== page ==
Monday, March 30, 2009

ArenA Diary (Notes from Holland v Scotland)

It all started out so positively.

A lively start to the game saw our midfield dominate completely, with our two holding midfielders able to close down the opposition and steal the ball from under their feet. Given time on the ball to pause and look for our wingers getting into forward attacking positions, their defence-splitting passes found their target with consummate ease, like a hot knife through butter. With no answer to our incisive, relentless attacking play, it was no wonder that we were 5-0 up at half-time, cruising to a victory our stylish play deserved.

The second half promised more goals, but with another important 'must win' game next week, the manager decided to put the foot on the brake: the defence sat further back allowing the opposition to come forward more, hoping to catch our opponents on the break. But the trust that the manager placed in our two center-backs proved well founded. Apart from two scary moments at the end - a ball through the middle of the park was allowed to get through was followed shortly afterwards by a teasing cross that found its target, both expertly saved by the keeper who, despite the one-sidedness of the game, kept the concentration levels high - we deserved the win.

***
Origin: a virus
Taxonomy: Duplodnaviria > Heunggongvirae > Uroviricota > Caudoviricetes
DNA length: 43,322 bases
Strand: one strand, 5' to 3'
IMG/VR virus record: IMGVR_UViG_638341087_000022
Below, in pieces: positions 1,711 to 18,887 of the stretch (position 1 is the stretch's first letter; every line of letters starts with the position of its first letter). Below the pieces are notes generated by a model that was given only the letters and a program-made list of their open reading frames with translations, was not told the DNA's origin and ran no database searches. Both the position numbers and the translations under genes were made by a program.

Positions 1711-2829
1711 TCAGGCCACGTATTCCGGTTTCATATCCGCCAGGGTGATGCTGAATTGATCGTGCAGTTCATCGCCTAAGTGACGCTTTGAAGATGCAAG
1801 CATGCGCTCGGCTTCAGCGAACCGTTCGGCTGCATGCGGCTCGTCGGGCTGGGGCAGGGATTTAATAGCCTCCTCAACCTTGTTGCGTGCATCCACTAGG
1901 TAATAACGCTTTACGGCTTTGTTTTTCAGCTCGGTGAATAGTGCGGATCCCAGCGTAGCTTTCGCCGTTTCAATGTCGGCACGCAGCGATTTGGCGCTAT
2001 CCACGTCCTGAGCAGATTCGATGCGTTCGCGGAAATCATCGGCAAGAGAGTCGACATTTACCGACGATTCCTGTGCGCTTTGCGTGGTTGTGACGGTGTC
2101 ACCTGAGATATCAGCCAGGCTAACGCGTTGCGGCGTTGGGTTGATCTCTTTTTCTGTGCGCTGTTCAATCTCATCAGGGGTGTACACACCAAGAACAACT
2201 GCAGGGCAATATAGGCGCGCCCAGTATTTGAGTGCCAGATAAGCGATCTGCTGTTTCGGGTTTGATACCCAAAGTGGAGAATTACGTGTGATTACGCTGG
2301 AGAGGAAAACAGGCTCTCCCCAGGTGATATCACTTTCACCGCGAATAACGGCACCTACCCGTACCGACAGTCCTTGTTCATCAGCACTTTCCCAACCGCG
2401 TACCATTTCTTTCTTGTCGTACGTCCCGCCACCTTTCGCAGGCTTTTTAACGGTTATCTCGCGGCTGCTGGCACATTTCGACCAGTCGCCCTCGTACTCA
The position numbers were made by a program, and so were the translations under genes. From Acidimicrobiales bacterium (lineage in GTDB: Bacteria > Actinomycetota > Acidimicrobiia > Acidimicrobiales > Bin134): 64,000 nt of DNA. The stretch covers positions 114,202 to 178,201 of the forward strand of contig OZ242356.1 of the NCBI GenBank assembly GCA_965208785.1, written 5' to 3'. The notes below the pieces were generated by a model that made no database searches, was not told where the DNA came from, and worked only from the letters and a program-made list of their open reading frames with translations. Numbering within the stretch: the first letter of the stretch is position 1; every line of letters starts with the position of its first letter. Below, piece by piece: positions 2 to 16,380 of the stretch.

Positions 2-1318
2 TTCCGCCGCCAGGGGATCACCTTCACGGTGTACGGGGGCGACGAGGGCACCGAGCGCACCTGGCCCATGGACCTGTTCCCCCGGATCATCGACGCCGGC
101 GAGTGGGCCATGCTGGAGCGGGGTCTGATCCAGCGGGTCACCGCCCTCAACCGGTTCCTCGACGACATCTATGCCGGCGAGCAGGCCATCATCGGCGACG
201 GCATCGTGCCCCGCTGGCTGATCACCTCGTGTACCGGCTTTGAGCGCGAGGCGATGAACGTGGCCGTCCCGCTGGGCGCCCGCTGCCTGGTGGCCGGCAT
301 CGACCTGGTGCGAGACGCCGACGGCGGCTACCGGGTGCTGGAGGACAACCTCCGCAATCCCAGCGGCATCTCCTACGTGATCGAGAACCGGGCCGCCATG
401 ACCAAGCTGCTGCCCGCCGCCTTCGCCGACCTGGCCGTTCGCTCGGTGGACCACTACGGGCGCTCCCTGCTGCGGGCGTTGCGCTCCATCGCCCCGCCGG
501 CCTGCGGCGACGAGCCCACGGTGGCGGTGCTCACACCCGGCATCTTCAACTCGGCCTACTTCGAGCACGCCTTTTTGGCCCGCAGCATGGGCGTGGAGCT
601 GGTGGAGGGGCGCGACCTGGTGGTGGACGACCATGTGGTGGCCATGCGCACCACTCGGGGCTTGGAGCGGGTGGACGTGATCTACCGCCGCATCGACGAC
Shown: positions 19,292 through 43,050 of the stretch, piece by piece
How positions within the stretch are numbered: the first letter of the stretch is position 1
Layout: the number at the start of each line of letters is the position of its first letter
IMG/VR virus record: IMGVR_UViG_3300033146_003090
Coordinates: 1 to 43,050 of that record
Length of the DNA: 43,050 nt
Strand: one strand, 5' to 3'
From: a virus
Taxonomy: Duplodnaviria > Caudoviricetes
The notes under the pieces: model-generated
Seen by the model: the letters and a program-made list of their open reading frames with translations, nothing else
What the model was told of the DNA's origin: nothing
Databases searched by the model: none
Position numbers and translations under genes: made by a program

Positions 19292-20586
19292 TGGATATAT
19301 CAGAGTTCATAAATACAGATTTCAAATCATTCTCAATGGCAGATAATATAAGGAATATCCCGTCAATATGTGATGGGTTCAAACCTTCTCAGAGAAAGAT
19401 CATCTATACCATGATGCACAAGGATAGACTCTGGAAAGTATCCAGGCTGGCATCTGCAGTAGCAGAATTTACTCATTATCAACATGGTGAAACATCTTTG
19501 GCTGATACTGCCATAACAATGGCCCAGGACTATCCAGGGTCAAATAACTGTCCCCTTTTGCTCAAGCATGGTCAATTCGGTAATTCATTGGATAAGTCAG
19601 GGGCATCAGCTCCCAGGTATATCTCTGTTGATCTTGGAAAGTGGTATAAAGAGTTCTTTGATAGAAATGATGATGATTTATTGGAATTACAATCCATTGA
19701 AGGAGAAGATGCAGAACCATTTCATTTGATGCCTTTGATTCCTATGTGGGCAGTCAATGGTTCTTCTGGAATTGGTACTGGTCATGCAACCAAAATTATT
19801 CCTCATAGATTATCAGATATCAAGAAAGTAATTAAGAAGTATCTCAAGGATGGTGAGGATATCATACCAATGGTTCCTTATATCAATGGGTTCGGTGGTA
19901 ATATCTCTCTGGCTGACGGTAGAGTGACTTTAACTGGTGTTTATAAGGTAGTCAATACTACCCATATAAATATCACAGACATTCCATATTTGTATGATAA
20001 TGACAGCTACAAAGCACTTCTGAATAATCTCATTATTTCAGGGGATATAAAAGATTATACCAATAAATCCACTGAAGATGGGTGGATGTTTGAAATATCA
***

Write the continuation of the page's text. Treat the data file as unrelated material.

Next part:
So that took care of my daughters hockey game. Later on that evening, I had the pleasure of sitting amongst 52,000 Dutch fans in a packed Amsterdam ArenA to watch Scotland get pumped 3-0 by Holland.

I'll not bore you with an intricate breakdown of the game because quite frankly, from my seat - section 117, row E, seat 36, roughly level with the corner flag - I was not up high enough to see the formation throughout the game. Instead, I'll share with you my thoughts as the game progressed.
  • Scotland fans are the best in the world. Holland fans are pretty good too. The atmosphere outside the ground before the game was cracking. Lots of booze, lots of men in kilts, lots of men (and women) in orange. No hassle, no fighting, no segregation.
  • I nearly cried three times during this game. The first time was when 'Flower of Scotland', the national anthem was played. If I hadn't torn my vocal chords to shreds singing along to '500 Miles' by The Proclaimers just 5 minutes before the anthem was played, you'd have heard me above everyone else.